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Markets and Rough Justice

Tudor Housing

As the people of Leeds got richer, they spent more on housing and timber frame houses started to be built.

These timber frame houses were a bit like the ‘flat-pack’ we can buy today. The house would have come in sections and had to be put back together, piece by piece in a certain order. You had to follow this order carefully to make sure you got the house built properly.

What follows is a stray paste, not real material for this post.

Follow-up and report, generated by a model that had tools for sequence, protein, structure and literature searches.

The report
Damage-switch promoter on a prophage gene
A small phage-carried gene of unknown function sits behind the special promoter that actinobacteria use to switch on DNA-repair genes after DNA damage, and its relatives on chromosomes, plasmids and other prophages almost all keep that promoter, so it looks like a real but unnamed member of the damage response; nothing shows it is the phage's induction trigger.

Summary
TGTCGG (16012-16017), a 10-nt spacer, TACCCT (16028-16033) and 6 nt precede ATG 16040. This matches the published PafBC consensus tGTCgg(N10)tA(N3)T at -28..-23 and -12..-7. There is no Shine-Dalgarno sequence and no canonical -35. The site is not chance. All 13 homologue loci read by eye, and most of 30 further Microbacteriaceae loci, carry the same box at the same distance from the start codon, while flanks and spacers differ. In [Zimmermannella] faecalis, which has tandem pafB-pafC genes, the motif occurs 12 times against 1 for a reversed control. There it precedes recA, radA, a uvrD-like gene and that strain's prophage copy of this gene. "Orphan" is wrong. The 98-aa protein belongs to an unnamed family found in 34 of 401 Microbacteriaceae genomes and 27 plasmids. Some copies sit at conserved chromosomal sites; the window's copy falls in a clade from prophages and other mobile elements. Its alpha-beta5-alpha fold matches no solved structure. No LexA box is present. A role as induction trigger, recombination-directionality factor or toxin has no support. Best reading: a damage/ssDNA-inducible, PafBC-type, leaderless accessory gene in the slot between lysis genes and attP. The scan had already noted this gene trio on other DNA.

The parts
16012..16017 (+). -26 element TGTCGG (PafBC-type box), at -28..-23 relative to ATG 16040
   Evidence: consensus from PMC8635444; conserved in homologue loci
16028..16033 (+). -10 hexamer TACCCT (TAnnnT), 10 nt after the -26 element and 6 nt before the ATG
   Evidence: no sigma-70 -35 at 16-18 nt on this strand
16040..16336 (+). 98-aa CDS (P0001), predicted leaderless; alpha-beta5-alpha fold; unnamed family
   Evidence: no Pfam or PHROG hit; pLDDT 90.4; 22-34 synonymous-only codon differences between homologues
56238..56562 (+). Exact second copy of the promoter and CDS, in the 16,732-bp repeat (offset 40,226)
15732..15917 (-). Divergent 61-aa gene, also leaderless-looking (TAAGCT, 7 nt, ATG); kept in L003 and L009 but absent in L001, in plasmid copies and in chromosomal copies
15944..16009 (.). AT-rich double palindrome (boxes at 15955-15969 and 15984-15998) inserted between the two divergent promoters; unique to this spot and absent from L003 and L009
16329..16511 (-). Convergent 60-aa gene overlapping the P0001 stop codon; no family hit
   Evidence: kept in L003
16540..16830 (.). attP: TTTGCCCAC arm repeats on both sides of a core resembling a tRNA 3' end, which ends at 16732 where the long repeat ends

There were no iron nails or bolts in the frame of a Tudor house to hold it together. The joints were mortised tenoned together and then secured with wooden pegs. A ‘Mortise and Tenon joint’ consists of a ‘tongue’ (the tenon) that slots into a hole (the mortise) cut in the piece of timber. The tighter the fit, the stronger the joint. The spaces between the beams were then filled in with wattle and daub, a mixture of hair, dung and clay, to make them air tight!

Colour photograph of a wooden chair, richly decorated with carvings
Early 17th Century Chair

Many Tudor houses had furniture and fittings made out of oak. This is a golden yellow colour when it is first carved but turns dark with age.